The second biggest trick to optimising images is exporting your images via the Save for Web & Devices… menu option. This can be found under the top Photoshop menu, by selecting File and then clicking on Save for Web & Devices…
Assuming you are exporting to the jpeg format the most important box you need to review is the Quality input field, it should be 60 (we’ve found this value to be the most effective compromise between quality and bit cost). Ensure Progressive is checked On if your output is a web-based platform as Progressive allows for a more speedy download of a blurred image the becomes clearer as more of the image is downloaded. However, if your output is an app or download file simply deselect the Progressive, Optimised and Embed Color Profile, I like to keep the Convert to sRGB checkbox On as in my experience it is the most standardised colour profile. All the rest of the funny boxes and input fields can be safely ignored if they are corresponding to all your actions (the image-size should be your resized image etc.). Once you are happy click Save.
*Note* Give us a shout in the comments in you are interested in our opinion in exporting PNG or GIF images too!
*Naming conventions* Now comes a debatable topic, if you don’t name files properly you won’t go to designer-hell, but I believe a strong naming convention can save designer-lives if standardise and followed by all. If your images are aimed at a website, they’re going to be tossed in with a lot of other images on the server, naming your images with a prefix can help group them, which should double-up as an identity for them. And giving them a number (always start your numbering with ‘01‘) will visually order them as well. Adding another number or date will act as display of what version of the image you are looking at. Standardising those basic steps will not only help you find your images easier come edit or re-uploading time, but just by looking at the file name will you and your colleagues (back-end developers most importantly) know what the image purpose is. Naming conventions can be communication tools, allowing for more automated work. Also Search engine optimisation reads the file name of image to get more information about a website, so having descriptive English words in an image title can be functional in many ways. I can suggest adding the ‘img‘ as a prefix, this will sort and identify your image files. Some servers hate spaces so using an underscore or a dash instead of a space is very necessary (just be consistent). Then add a logical, English, descriptive, but simple word – I’d use a page number (‘page01_slide04‘) or place on a page (‘top_right_popup‘) and then a number in case there are to be similar files names and lastly the date as a suffix (in number form from year to month to day ‘2012-06-05‘).So our file names look something like this:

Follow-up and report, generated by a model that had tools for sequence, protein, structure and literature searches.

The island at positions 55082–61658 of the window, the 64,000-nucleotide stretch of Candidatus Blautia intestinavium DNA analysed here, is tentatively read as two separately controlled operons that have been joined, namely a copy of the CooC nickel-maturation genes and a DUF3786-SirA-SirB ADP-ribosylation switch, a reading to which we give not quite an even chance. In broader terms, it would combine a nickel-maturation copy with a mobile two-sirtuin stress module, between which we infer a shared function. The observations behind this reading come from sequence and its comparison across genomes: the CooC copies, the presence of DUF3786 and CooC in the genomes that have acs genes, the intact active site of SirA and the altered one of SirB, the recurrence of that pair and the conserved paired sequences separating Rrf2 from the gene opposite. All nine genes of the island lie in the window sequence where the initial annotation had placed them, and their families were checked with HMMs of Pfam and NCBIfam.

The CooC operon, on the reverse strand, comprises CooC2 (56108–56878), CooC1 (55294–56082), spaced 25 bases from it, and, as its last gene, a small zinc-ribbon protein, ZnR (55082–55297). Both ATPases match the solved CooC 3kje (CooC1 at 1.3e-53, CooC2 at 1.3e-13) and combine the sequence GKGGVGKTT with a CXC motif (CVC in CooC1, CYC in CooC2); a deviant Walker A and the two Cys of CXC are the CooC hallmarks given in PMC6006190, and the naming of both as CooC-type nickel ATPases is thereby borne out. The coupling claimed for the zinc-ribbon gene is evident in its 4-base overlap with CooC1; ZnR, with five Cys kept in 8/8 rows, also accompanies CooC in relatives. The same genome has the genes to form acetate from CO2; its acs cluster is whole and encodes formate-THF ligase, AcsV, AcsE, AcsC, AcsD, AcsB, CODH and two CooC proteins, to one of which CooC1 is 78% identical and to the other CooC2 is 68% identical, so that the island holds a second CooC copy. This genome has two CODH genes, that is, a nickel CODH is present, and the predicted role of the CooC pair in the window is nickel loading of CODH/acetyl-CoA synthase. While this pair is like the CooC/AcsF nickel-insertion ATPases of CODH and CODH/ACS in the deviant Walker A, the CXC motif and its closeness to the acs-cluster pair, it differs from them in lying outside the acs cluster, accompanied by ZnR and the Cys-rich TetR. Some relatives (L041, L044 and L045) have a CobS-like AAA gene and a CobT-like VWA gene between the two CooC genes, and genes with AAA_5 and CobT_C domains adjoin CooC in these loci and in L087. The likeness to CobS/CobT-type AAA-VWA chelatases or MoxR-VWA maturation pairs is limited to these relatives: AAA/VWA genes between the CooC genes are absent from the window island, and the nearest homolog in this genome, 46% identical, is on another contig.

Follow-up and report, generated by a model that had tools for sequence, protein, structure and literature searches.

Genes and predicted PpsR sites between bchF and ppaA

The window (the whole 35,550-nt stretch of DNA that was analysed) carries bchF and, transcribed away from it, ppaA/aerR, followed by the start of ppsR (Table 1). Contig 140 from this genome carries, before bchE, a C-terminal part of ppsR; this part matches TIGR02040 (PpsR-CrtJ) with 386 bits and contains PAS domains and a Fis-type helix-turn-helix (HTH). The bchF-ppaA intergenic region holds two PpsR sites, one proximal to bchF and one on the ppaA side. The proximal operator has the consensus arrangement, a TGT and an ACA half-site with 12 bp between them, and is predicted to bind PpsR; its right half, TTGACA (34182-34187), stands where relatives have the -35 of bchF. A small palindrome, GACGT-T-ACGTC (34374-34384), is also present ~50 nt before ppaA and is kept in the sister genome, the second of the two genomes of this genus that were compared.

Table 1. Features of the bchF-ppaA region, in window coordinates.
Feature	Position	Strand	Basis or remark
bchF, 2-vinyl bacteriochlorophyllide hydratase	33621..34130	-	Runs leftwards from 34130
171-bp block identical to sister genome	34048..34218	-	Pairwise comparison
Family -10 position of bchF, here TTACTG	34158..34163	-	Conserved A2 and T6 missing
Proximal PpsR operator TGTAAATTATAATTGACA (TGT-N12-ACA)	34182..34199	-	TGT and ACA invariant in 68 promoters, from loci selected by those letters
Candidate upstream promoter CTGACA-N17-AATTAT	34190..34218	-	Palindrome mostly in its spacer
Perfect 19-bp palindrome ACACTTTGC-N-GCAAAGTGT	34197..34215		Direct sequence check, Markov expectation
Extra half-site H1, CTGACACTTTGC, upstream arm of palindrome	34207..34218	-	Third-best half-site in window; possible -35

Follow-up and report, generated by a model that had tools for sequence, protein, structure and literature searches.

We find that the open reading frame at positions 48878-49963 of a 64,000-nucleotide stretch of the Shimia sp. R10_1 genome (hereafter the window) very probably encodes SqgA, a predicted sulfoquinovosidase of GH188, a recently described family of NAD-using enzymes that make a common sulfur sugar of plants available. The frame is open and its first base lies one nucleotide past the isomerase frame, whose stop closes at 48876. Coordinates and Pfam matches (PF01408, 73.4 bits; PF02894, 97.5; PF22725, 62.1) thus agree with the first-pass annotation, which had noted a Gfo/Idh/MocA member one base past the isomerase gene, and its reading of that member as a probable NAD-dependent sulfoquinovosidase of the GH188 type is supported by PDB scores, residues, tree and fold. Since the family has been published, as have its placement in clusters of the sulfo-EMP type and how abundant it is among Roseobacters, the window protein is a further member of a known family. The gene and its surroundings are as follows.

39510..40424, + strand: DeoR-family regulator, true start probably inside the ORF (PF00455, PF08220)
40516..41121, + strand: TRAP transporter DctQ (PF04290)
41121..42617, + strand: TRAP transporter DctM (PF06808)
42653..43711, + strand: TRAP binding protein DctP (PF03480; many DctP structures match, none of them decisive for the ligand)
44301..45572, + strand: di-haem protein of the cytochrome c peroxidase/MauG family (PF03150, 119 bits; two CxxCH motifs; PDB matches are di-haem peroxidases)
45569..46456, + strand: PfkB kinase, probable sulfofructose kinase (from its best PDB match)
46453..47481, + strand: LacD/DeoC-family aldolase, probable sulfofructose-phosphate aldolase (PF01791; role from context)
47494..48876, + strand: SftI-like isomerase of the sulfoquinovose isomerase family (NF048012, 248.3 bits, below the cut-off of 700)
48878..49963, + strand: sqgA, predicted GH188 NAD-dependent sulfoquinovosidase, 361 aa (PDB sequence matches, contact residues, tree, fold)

Well done, almost there. Once you get into the habit this should take no more than 30-45 seconds per image, you could even set-up a Photoshop recipe if you super-pro. Now we’ve exported our import and it’s optimised and easy to read and find, however we have used destructed, edited and shaped the original file into something new – never, and I mean NEVER save over the original file. EVER! So simply selecting close and accepting or ignoring changes is a bad idea. If you accept you will lose your original artwork and not have a fresh starting point should you be required to create new artwork (it happens more than you think). By rejecting changes you will have lost the 30-45 seconds of work you have just done – it’s not much, but when you are processing 50-60 images that time will add-up. The best action is to select Save As… from the File drop-down list located in the top Photoshop menu. Save the file as a photoshop document (.psd) and name it the same as the file naming convention you used on the image you export – exactly the same – so anyone can just open-up the .psd and continue using it were you left off. Also put the .psd in a logical place in a community area on a joint sever, preferable in a folder named according to which project the images were to be used.
Now that may have seemed like a lot of protocol just to make images as optimised as possible, but it save costs and time in the long-run. It’s also just one of the invisible services we offer here at bigFIG with every project we take on board – along with overcoming all of the other little challenges faced with creating a digital products – get in contact, so we can make your material – digital.